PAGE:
Texas Senate Passes Legislation Banning Hostile Nations From Buying Farmland

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The Texas Senate has approved legislation that bans the purchase of farmland by citizens and entities associated with hostile foreign nations—a bill that its author said will provide “sweeping state and national security protections.”

Republican Texas Sen. Lois Kolkhorst announced the passing of her legislation on Facebook on April 26, following a 19-12 vote in the state Senate earlier in the day, where one Democrat joined 18 Republicans in passing the measure.

“This bill protects Texas farmland, oil and gas, rare earth materials and timber from being owned by foreign entities classified as hostile by the Director of U.S. National Intelligence for three consecutive reports. These nations currently include China, Russia, North Korea, and Iran,” Kolkhorst wrote.

Communist China is the greatest threat to U.S. national security, followed by Russia, Iran, and North Korea, according to the 2022 threat assessment report (pdf) issued by the Office of the Director of National Intelligence (ODNI). The report called out the Chinese regime as presenting “the broadest, most active, and persistent cyber espionage threat to the U.S. Government and private sector networks.”

SB 147

Kolkhorst introduced the legislation, SB 147, in November last year and was supported by Texas Gov. Greg Abbott. The original version of the legislation (pdf) named the four nations, but the final draft (pdf) was amended to allow a country to be added or removed from the list.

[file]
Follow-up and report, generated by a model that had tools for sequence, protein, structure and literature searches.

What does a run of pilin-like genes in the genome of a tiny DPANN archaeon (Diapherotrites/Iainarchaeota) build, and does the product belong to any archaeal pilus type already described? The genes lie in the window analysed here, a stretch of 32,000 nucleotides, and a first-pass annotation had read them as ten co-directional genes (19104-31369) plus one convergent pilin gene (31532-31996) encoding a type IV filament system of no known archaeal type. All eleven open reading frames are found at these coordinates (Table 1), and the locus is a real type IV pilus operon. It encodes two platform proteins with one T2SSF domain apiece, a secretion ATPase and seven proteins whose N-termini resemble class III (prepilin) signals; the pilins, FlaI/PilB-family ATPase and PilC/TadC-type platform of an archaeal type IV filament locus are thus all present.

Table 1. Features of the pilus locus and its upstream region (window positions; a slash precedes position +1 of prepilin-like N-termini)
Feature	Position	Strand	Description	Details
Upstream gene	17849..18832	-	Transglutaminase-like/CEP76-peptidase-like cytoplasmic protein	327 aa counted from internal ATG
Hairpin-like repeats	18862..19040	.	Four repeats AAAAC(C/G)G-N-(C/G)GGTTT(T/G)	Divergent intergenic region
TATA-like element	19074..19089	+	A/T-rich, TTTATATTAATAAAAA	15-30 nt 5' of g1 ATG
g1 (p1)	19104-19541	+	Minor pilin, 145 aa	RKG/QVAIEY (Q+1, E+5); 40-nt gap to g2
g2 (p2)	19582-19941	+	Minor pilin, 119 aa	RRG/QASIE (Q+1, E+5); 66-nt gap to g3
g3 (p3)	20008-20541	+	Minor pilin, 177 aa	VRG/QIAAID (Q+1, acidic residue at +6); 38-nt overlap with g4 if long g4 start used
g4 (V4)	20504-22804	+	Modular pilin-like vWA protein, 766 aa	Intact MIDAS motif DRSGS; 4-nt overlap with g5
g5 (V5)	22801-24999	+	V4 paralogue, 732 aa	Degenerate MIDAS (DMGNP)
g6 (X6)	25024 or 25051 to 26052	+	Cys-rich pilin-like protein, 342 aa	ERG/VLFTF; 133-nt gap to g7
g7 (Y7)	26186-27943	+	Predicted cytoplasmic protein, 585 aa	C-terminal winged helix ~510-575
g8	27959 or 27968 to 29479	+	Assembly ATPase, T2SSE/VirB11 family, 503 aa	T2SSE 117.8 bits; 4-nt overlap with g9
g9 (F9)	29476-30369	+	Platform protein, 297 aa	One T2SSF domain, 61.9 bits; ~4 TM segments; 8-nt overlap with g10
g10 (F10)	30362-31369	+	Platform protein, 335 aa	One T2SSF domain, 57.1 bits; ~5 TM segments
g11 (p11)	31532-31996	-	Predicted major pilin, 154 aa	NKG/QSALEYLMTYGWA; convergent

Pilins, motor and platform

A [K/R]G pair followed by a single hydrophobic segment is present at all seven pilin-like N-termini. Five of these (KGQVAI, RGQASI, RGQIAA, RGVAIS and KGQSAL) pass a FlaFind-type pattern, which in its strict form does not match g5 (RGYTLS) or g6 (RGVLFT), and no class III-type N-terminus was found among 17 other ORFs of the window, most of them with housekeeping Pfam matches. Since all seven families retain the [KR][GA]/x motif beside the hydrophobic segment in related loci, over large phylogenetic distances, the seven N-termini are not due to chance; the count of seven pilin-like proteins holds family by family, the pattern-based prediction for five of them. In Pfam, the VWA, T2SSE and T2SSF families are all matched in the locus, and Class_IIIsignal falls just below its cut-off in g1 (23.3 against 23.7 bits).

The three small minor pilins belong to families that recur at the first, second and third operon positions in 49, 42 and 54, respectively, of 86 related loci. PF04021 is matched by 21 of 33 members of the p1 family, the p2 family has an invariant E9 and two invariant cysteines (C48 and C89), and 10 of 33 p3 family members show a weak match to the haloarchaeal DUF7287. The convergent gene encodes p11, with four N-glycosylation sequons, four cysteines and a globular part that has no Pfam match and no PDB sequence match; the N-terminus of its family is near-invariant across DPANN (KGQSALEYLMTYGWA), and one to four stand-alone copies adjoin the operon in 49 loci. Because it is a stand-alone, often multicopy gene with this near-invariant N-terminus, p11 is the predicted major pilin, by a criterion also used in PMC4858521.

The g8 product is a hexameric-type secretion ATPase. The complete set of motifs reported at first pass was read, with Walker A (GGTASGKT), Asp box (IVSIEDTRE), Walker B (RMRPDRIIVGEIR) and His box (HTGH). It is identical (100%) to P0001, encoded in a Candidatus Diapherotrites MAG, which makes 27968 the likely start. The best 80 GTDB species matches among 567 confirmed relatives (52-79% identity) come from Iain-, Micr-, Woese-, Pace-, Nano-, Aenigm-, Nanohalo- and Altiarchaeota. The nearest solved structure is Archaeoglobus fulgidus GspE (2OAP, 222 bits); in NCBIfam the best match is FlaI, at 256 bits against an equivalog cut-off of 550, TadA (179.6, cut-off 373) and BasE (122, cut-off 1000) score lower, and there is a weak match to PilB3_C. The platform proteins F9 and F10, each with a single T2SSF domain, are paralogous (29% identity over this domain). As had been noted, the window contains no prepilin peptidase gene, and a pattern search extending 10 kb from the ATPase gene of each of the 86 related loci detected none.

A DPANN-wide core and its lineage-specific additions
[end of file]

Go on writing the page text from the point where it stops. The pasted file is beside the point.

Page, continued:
The original bill was softened amid criticism from some Democrats and locals. Initially, the bill banned the purchase of property by any individual who is “a citizen of China, Iran, North Korea, or Russia.” However, the final draft specifically points out that the ban does not apply to lawful permanent residents, U.S. citizens, and dual citizens.

The property includes agricultural land, improvements, mines and quarries, mineral deposits, and standing timber, according to the legislation.

The Texas attorney general is also granted the authority to investigate possible violations if “a reasonable suspicion” arises that an entity or individual buying property is associated with one of the countries designated by the ODNI reports, according to the legislation. The state’s top law enforcement officer could then bring cases to district courts for divestment proceedings.

By Frank Fang

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